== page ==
Bang! Bang! Bang! Someone pounded heavily on my door and I heard the deep, raspy voice of a Wolf demanding I open it immediately.
“This is Protector Ralph from the Precinct,” he added, when I hesitated in silence.
My nerves had been on edge ever since I’d seen Kara’s picture in the paper and the article about her upcoming “unveiling” of the true story of her horrific experience. I was terrified I was going to be in that painting.
I didn’t know what to do or what my next move should be. Should I wait for Kara? I had promised to help her get out, but both of us were being watched - especially her. And if I did go to the forest, how would I survive? Even if the Ostriches were not violent, I knew nothing about living off the land.
For the last few nights I couldn’t sleep, and stayed awake wondering how many people were in my position: able to see something was amiss, but unwilling to leave for fear that reality may be even more brutal than the charade.
Most of all, I wondered why Marcus didn’t try to save me too. After all, I had stuck my neck out for his sister. And now. . . maybe it was all over. With my heart in my throat and a wide, fake smile on my face, I opened the door.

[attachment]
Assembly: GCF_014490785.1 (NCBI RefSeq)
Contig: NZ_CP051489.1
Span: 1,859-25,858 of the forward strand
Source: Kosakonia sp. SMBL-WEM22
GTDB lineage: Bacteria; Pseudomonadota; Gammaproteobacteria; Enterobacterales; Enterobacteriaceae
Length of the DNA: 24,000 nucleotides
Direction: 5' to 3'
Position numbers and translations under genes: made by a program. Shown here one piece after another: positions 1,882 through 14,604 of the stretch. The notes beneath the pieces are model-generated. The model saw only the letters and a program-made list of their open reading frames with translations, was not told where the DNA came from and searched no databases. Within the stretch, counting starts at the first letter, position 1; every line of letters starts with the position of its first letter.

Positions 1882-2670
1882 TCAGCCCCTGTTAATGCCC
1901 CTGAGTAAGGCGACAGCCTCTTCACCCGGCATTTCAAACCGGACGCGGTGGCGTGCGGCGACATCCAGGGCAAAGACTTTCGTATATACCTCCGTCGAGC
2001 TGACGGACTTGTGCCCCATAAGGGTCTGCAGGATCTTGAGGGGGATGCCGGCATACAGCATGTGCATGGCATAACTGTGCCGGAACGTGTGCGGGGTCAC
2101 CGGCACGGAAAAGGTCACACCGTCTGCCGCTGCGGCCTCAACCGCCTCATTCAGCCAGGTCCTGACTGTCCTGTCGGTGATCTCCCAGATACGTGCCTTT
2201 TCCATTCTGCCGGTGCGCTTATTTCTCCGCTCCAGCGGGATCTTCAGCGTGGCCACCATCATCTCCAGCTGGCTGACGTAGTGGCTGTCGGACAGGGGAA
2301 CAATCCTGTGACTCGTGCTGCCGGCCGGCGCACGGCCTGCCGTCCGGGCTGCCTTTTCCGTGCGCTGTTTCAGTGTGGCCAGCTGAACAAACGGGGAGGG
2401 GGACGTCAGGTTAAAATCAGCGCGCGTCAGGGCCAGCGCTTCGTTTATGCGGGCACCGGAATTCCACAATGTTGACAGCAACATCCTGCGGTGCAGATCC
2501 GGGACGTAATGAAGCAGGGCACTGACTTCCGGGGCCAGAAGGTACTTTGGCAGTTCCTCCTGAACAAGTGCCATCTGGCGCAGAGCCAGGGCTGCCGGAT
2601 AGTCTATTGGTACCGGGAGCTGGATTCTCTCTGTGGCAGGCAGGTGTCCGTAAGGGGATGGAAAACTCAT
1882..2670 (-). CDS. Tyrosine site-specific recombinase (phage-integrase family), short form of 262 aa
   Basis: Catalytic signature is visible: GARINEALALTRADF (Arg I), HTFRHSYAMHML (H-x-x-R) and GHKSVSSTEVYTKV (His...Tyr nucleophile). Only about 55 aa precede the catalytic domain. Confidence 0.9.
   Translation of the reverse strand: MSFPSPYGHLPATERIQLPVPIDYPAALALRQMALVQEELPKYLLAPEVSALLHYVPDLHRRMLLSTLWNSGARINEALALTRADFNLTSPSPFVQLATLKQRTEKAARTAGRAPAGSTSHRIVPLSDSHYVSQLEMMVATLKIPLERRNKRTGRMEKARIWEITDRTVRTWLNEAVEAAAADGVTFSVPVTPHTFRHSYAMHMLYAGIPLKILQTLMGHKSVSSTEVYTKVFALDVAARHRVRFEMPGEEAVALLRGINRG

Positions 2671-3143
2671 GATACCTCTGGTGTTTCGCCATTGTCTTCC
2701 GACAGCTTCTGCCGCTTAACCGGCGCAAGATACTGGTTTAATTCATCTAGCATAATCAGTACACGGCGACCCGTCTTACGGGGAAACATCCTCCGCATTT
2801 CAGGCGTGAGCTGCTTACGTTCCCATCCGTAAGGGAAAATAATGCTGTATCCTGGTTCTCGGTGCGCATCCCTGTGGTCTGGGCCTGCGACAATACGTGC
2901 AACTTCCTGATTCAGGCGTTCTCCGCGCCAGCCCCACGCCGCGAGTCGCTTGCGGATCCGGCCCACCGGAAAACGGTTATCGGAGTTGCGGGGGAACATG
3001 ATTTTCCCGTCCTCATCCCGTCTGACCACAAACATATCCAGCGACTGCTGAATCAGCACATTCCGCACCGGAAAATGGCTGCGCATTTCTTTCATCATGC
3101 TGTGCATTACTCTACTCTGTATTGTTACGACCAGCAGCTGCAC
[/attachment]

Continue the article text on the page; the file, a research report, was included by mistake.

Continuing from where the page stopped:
Two Wolves in full uniform stood at the door, looking me up and down like I was a perfectly grilled pork chop.
“How can I help you, Officers?” I asked with as much confidence as I could manage.
“I’m Protector Ralph, and this is Protector Phil,” the biggest Wolf replied. “We are looking for a very dangerous traitor who was last seen in this neighborhood.”
“Oh!” I said, a little relieved. At least they weren’t here for me. “What does he. . .or is it a she. . . look like?”
“A little older than you, male, dark hair and eyes, thin and wiry, probably wearing a hooded jacket. Goes by the name Marcus.”
“I have not seen him,” I said truthfully, and with assertive confidence that stemmed from my irritation at the so-called bad guy.
“Hey, aren’t you the lady who brought those bacon bit treats by the Precinct?” Protector Phil asked, sniffing at the air in my apartment.
“Yes,” I said, “that was me. I do everything I can to support our brave Protectors. And. . . I was just making another batch of bacon bit treats for the Protector on the corner of my street. Would you strong fellows like one?”
They nodded eagerly, and I went to the kitchen to get a plate of treats I had waiting for just such a purpose. Bribes come in every shape and flavor.
“So what has this traitor done?” I asked, while they gulped down their treats. “I mean, if I should see him, just how dangerous is he?”
“He’s trying to kill his sister,” Protector Ralph answered around a mouth full. “He’s been hunting her for weeks, and he’s murdered several kids in the neighborhood.”